Second, simultaneously with the settlement, the CFTC filed a federal civil enforcement action in California charging Ooki DAO (a successor to bZeroX) with the same violations as the first action. Ooki is an unincorporated association comprising holders of Ooki DAO Tokens (“Ooki Tokens”) who vote these tokens to operate the Ooki Protocol. CFTC’s reach over Ooki DAO Protocol via the Ooki Token is, according to Commissioner Mersinger’s dissent, regulation by enforcement. However, even the dissent noted that “blatant” violation of the CEA cannot be tolerated, especially if it was the intention of the founders to make the new venture (i.e., the DAO) enforcement-proof while knowing that the CEA was violated.

The CFTC presented the following analysis:

  1. Cryptocurrencies are “commodities,” which has been established law for several years now. As such, the CFTC has “general” jurisdiction to prosecute for fraud and manipulation in the interstate commerce.
  2. If there is a leveraged contract on a “commodity” (i.e., a contract is margined), then the CFTC immediately can exercise its “exclusive” jurisdiction, meaning it can dictate how, where, under what circumstances, and when a derivative contract can trade. Contracts offered through the Ooki DAO Protocol were clearly derivatives and, therefore, the CFTC could exercise its exclusive jurisdiction.
  3. If a derivative is offered to a “retail” participant (i.e., entities that are not eligible contract participants (ECPs)), then these contracts can only be traded on a registered DCM. Ooki DAO is not registered as a DCM.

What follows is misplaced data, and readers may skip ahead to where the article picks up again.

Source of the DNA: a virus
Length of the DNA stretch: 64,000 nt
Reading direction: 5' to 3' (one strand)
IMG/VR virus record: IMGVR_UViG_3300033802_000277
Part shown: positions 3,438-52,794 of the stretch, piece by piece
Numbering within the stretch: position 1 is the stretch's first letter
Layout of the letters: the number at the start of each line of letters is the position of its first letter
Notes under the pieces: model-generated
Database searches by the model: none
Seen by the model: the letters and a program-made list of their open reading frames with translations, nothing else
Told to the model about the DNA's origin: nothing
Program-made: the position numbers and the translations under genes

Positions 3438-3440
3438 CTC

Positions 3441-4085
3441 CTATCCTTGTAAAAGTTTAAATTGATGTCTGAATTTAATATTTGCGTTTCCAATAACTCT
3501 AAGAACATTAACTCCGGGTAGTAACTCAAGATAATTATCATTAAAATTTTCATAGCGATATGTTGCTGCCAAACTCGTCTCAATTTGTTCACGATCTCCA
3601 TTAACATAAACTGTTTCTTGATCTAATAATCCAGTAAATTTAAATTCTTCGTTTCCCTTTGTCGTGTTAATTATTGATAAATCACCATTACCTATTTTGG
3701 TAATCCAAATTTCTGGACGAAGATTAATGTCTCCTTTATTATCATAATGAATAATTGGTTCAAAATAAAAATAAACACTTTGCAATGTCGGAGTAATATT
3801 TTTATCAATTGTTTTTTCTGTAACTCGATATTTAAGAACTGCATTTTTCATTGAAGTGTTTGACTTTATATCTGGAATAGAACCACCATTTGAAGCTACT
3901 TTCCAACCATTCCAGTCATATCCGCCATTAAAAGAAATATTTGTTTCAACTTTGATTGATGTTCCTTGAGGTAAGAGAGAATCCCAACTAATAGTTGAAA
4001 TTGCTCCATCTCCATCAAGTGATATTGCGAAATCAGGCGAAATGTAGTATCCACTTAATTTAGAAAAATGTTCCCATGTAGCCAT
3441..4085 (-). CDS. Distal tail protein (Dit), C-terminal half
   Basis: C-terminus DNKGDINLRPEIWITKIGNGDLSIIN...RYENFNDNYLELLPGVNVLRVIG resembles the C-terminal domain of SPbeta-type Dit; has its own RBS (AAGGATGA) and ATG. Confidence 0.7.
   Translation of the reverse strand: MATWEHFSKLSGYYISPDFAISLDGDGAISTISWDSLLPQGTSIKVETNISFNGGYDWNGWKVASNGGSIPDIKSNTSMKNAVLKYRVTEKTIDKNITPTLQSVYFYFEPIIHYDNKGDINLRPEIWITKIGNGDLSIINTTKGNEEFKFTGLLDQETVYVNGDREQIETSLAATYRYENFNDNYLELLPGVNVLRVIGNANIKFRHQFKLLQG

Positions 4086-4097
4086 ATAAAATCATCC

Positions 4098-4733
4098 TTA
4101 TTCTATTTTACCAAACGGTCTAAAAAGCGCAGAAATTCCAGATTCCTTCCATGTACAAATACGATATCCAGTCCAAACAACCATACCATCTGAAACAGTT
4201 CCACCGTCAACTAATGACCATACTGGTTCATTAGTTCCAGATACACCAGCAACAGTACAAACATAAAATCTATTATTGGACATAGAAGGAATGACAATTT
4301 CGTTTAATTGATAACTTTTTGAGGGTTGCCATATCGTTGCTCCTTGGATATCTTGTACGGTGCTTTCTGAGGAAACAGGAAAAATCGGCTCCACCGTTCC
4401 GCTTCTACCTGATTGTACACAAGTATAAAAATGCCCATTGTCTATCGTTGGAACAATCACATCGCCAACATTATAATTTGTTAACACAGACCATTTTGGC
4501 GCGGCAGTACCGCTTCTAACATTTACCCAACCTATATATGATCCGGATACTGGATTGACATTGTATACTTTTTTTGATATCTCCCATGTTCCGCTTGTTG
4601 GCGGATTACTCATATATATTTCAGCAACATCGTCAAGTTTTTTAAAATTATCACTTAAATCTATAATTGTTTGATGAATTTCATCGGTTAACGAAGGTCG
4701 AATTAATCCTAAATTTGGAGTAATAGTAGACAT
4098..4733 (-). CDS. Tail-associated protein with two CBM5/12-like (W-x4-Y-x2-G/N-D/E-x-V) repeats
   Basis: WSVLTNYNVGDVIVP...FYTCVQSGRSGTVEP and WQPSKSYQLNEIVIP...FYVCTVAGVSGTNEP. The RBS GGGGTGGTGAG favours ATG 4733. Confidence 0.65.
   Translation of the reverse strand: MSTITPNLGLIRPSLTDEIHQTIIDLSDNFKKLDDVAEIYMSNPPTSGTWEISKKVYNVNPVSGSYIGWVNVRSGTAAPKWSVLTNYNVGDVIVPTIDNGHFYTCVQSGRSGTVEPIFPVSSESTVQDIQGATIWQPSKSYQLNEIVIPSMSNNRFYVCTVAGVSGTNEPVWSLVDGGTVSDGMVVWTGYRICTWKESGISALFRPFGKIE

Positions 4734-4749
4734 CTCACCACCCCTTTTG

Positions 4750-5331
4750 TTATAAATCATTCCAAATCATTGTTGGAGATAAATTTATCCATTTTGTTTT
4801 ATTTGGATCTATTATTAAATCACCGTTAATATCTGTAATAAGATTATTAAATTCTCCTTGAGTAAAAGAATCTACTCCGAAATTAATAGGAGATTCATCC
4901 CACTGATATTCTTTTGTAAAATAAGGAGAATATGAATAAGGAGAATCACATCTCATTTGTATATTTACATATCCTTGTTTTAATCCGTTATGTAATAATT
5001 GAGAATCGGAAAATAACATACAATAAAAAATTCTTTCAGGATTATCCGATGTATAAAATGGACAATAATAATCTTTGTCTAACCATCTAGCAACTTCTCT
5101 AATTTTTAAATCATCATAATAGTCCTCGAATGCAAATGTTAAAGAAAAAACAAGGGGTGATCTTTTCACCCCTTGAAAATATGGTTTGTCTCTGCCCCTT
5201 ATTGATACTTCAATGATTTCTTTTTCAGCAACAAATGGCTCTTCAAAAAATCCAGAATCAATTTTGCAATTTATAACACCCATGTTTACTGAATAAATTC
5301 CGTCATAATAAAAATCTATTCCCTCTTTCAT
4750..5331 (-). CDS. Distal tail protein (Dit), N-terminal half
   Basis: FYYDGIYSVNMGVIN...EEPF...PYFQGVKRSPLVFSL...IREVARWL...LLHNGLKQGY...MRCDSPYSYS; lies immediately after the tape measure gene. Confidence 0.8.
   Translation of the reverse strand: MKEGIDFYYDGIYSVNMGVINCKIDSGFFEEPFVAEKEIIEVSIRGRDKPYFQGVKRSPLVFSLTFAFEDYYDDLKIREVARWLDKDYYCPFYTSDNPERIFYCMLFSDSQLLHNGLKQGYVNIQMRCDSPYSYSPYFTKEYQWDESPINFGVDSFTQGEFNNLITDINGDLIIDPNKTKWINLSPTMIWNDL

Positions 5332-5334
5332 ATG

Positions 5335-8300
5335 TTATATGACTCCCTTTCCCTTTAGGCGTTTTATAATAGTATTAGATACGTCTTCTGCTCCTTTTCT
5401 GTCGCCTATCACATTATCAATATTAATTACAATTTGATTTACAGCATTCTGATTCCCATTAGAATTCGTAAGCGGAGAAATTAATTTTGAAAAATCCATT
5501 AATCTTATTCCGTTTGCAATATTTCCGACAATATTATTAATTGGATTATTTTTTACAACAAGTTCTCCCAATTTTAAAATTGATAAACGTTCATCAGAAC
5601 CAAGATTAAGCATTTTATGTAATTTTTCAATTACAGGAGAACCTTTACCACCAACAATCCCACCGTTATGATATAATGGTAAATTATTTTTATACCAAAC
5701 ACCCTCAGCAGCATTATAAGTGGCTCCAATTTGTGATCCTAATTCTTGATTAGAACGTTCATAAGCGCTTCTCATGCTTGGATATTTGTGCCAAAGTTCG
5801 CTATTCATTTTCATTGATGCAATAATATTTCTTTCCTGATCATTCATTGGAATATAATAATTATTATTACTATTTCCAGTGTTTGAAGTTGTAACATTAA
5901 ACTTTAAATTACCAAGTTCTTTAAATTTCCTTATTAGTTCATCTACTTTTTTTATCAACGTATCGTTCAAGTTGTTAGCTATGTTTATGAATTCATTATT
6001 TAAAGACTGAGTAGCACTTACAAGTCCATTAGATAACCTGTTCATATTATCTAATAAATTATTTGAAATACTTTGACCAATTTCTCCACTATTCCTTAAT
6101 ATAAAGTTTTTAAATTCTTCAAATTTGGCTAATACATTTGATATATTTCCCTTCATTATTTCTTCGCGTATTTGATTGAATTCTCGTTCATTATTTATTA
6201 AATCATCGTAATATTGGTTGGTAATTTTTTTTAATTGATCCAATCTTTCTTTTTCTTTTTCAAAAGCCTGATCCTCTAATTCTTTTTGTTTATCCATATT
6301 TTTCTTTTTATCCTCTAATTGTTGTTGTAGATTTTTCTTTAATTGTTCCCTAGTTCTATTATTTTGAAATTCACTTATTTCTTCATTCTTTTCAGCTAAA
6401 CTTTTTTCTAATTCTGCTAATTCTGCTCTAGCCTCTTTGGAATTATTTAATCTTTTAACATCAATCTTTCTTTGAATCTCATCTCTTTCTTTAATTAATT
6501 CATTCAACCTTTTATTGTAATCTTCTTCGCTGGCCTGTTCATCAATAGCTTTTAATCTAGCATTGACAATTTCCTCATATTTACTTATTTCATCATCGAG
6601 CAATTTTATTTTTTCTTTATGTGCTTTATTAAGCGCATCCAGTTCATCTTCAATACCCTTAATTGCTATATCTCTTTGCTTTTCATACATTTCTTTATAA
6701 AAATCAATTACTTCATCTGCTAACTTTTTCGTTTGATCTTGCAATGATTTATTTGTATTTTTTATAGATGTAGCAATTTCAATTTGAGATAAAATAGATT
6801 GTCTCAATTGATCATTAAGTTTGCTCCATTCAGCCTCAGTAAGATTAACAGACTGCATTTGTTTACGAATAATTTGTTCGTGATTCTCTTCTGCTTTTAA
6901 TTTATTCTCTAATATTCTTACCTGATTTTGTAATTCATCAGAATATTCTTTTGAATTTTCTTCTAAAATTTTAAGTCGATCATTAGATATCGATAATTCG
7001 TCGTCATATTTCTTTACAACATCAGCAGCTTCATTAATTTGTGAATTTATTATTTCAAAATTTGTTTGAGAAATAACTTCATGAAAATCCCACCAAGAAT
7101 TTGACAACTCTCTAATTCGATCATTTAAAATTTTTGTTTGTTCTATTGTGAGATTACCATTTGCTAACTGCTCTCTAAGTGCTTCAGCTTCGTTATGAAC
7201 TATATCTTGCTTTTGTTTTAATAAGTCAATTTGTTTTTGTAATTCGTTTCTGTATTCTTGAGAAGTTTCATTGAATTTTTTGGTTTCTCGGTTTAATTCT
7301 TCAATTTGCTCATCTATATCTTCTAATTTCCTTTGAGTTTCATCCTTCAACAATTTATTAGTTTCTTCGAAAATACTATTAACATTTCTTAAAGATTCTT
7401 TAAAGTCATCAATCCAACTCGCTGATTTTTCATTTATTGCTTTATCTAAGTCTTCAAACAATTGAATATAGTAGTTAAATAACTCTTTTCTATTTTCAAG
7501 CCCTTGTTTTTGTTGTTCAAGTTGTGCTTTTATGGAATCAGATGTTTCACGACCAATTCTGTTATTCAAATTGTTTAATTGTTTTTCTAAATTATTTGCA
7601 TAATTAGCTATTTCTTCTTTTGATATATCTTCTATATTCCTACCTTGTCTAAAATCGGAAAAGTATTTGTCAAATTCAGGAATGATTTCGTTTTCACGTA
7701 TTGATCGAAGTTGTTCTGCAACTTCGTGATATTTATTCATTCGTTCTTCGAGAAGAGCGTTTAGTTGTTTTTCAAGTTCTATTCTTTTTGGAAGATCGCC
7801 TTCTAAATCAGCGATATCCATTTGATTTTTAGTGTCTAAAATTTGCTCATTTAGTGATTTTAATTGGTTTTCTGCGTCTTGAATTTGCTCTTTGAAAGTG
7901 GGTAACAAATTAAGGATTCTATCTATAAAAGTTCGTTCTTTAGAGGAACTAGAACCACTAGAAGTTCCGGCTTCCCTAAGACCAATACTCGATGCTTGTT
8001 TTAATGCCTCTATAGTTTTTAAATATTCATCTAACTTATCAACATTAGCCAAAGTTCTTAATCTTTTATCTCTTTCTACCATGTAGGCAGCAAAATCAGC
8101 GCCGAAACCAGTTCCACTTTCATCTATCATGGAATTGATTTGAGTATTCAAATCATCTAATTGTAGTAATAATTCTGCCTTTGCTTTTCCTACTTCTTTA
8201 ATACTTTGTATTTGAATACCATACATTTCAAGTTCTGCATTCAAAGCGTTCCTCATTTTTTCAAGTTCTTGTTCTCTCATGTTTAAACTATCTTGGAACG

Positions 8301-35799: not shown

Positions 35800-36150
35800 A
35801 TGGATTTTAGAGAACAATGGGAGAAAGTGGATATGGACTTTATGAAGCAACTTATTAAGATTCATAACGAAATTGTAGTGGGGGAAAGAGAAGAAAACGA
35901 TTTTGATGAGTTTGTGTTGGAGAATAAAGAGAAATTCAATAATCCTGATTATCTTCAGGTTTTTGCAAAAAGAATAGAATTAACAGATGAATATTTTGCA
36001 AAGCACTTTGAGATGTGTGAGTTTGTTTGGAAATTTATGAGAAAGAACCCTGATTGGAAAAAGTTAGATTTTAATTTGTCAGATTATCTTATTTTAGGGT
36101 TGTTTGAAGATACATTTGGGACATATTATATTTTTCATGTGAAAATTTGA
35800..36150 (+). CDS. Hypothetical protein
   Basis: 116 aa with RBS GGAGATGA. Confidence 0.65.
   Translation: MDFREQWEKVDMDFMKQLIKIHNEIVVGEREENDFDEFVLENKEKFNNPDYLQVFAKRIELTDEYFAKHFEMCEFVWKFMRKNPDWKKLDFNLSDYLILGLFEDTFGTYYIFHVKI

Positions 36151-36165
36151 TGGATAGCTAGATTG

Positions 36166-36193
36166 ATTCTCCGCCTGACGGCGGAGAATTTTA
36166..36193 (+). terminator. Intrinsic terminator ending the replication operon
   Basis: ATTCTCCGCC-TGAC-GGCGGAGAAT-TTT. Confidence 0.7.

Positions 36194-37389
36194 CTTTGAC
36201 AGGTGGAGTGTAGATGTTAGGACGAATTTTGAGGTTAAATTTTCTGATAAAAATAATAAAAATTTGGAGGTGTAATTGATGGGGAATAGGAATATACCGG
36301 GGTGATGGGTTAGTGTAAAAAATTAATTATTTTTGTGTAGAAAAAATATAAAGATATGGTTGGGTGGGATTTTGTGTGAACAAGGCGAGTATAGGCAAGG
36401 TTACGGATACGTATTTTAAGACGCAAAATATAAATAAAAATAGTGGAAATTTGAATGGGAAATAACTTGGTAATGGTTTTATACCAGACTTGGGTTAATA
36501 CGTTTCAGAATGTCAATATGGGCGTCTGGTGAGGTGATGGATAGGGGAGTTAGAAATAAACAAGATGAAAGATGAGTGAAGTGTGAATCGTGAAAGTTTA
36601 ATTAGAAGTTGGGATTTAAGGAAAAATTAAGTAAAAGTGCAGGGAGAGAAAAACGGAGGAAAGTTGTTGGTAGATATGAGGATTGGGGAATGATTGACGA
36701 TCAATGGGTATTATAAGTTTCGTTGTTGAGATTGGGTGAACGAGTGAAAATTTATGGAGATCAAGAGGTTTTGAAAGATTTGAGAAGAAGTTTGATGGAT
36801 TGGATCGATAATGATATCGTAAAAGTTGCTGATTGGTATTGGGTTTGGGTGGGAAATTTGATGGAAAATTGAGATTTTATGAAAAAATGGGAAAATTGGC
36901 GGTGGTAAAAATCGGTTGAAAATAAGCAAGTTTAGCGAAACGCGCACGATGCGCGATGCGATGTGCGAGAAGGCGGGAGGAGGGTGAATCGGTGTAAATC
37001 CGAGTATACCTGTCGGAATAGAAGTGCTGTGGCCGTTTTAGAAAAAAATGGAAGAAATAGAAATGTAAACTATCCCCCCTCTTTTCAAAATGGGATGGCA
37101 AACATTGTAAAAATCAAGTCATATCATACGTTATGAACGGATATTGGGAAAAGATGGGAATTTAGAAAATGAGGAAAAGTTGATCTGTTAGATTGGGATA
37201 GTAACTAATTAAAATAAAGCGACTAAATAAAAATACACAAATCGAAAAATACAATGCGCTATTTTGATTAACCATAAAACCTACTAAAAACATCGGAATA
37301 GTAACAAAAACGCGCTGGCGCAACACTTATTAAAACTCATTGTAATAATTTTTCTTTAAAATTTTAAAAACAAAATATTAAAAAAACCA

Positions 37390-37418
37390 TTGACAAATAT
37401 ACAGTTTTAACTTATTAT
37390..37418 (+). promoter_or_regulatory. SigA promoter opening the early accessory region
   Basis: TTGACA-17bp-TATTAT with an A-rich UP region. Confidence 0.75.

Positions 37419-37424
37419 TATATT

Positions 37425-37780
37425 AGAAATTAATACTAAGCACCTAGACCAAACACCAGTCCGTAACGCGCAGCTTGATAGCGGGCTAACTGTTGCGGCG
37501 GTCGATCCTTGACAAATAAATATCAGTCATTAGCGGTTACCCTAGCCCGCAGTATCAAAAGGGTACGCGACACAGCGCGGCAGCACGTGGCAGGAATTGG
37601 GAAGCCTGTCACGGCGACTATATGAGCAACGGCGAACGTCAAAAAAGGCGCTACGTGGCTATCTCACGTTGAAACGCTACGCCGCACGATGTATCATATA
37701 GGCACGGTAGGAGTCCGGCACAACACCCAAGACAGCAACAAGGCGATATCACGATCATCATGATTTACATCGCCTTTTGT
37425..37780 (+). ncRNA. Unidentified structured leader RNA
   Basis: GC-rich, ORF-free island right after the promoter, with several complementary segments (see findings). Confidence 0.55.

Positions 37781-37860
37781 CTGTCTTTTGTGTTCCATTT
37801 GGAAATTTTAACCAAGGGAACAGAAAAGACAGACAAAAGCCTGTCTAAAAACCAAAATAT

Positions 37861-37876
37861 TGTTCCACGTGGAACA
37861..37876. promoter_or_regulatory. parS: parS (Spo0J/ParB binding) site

4. Only FCMs can act as brokers or facilitators to execute retail commodity transactions and hold customer margin. Neither bZeroX (and its successor, Ooki DAO) nor its founders were registered as FCMs.
  5. It is noteworthy that the CFTC did not charge Ooki DAO Protocol for operating as but failing to register as a DCM. In all likelihood, the CFTC could not reasonably argue that an unincorporated association governed by Ooki DAO Token holders can register as a DCM because it is not a legal entity.  CFTC prior enforcement action in January 2022 involving another DeFi entity specifically sanctioned this entity for failure to register as a DCM.
  6. Finally, this enforcement action and a complaint stand out in the context of SEC’s Wahi complaint, which was also characterized as “regulation by enforcement” by CFTC Commissioner Caroline D. Pham. In the Wahi complaint, unlike in the Ooki complaint, DAO tokens were characterized as securities.